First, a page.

To be honest, I really couldn't figure out what they were saying. I understand that the other DHCP server would send a NACK because the client was trying to renew an address that wasn't in it's scope. It also makes sense that this wouldn't happen if they both used a multinet and excluded each other's subnet. However, I don't see why it would matter if a client got an address on the other subnet. All the machines are connected to a hub, which is connected to a router, so why would it matter? They also never go into how to restrict the clients to a single DHCP. They're just saying that the client will continue to renew the address at the DHCP from which is was leased. Which is by no means a guarantee that it will continue to do so in the future. The server could fail, or a variety of other things could happen that would prevent it from renewing at that server. I think that was just a poorly written section.

    HA! THAT MAKES 3 OF US!!! icon_twisted.gif

    Other than the 'rebinding state' section, it really doesnt go into detail how to restrict/renew leases if something happens to a DHCP server.


    EDIT: MY bad, the rebinding state (and lease renewal process for that matter) is described in chapter 8...This book has a tendency to throw words, and protocols, and other practices that are "described later in this book"..
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  • sprkymrksprkymrk Member Posts: 4,884 ■■■□□□□□□□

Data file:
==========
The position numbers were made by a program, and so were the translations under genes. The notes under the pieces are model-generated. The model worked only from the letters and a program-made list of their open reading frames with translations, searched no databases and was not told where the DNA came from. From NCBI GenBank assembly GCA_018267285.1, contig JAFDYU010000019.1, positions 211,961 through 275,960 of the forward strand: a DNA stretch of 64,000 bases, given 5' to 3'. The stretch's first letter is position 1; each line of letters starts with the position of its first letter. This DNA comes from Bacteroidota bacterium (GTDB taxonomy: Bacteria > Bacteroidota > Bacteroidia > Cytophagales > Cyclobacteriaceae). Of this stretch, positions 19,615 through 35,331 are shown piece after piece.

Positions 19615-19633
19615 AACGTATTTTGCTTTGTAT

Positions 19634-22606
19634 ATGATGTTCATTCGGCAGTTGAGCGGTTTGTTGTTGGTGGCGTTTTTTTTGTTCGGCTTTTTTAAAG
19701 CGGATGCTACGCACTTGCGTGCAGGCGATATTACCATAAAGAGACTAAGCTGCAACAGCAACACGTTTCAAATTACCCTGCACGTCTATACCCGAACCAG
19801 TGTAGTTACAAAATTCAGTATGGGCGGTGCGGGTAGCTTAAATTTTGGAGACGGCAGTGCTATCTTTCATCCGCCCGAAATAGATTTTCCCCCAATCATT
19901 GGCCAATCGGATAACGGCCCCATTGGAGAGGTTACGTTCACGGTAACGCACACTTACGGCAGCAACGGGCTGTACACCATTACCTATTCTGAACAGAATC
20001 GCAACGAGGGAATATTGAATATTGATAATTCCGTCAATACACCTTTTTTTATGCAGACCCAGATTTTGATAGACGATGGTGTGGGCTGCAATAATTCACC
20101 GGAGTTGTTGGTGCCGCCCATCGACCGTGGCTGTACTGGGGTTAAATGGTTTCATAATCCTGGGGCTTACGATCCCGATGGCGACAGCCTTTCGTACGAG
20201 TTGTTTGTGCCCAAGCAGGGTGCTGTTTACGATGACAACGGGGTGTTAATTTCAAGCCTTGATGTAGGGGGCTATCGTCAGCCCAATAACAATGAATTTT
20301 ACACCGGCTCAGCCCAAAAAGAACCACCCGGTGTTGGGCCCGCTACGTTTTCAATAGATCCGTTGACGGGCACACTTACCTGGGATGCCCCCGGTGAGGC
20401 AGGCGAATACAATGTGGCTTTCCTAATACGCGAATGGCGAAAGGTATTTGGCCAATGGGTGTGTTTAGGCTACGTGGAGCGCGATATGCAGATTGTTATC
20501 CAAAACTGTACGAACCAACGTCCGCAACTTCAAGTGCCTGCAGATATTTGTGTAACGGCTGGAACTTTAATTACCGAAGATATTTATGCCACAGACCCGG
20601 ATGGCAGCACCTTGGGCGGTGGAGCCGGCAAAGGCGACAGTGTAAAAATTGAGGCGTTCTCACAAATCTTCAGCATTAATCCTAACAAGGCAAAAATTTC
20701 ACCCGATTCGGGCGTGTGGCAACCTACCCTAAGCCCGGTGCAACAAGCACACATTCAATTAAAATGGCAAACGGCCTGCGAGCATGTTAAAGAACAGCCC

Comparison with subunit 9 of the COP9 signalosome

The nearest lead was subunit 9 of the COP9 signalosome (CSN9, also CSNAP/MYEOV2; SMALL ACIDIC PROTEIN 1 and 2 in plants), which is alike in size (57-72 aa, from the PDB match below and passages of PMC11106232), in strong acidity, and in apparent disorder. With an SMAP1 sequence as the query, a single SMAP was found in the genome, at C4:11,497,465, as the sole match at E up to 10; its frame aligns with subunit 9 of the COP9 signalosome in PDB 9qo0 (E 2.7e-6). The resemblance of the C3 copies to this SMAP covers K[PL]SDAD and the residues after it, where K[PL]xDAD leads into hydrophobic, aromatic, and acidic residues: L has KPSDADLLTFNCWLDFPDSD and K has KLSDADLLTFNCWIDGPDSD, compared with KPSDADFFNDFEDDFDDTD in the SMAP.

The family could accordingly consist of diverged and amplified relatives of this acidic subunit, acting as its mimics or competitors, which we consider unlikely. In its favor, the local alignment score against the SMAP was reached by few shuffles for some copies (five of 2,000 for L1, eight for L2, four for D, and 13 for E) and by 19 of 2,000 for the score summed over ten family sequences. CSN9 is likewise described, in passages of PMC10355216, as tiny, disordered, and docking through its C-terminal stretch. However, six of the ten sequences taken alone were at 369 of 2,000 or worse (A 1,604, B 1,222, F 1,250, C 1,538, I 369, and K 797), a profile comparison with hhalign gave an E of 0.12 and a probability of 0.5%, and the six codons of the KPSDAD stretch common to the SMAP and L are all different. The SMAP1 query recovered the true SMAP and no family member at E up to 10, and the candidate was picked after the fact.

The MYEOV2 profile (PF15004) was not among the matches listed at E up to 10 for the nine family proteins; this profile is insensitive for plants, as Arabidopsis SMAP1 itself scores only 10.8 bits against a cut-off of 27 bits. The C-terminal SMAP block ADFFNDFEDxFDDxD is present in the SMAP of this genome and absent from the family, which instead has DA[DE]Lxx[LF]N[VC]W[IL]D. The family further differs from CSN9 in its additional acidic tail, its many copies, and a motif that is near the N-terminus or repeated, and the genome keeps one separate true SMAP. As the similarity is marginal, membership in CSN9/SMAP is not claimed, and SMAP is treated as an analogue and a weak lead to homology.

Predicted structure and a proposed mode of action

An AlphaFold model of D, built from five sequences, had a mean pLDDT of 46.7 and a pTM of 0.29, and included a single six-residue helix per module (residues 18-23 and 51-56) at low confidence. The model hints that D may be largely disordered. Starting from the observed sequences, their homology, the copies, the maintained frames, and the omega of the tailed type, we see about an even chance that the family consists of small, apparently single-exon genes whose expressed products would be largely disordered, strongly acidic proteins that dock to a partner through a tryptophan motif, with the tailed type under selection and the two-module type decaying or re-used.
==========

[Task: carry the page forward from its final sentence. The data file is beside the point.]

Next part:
I'll have to check out that book and see what is confusing everyone. For superscopes, royal and I had a good discussion here:

    http://www.techexams.net/forums/viewtopic.php?t=24392
    All things are possible, only believe.
  • royalroyal Member Posts: 3,353
    And an article that explains the scope vs superscope and when the addresses are on the same physical segment Vs across different physical segments with a router in between.
    http://www.shudnow.net/2007/11/20/dhcp-scope-vs-superscope/
    “For success, attitude is equally as important as ability.” - Harry F. Banks
  • snadamsnadam Member Posts: 2,234 ■■■■□□□□□□
    royal wrote:
    And an article that explains the scope vs superscope and when the addresses are on the same physical segment Vs across different physical segments with a router in between.
    http://www.shudnow.net/2007/11/20/dhcp-scope-vs-superscope/


    would that be on the 291 sticky?
    **** ARE FOR CHUMPS! Don't be a chump! Validate your material with certguard.com search engine

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  • Dracula28Dracula28 Member Posts: 232
    Thanks for the feedback guys. :)
    Current certs: MCP (210) MCSA (270, 290, 291 and 680) MCTS (680, 640)
  • royalroyal Member Posts: 3,353
    snadam wrote:
    royal wrote:
    And an article that explains the scope vs superscope and when the addresses are on the same physical segment Vs across different physical segments with a router in between.
    http://www.shudnow.net/2007/11/20/dhcp-scope-vs-superscope/


    would that be on the 291 sticky?

    It is now.
    “For success, attitude is equally as important as ability.” - Harry F. Banks
  • snadamsnadam Member Posts: 2,234 ■■■■□□□□□□
    royal wrote:
    snadam wrote:
    royal wrote:
    And an article that explains the scope vs superscope and when the addresses are on the same physical segment Vs across different physical segments with a router in between.
    http://www.shudnow.net/2007/11/20/dhcp-scope-vs-superscope/


    would that be on the 291 sticky?

    It is now.

    many thanks royal!
    **** ARE FOR CHUMPS! Don't be a chump! Validate your material with certguard.com search engine

    :study: Current 2015 Goals: JNCIP-SEC JNCIS-ENT CCNA-Security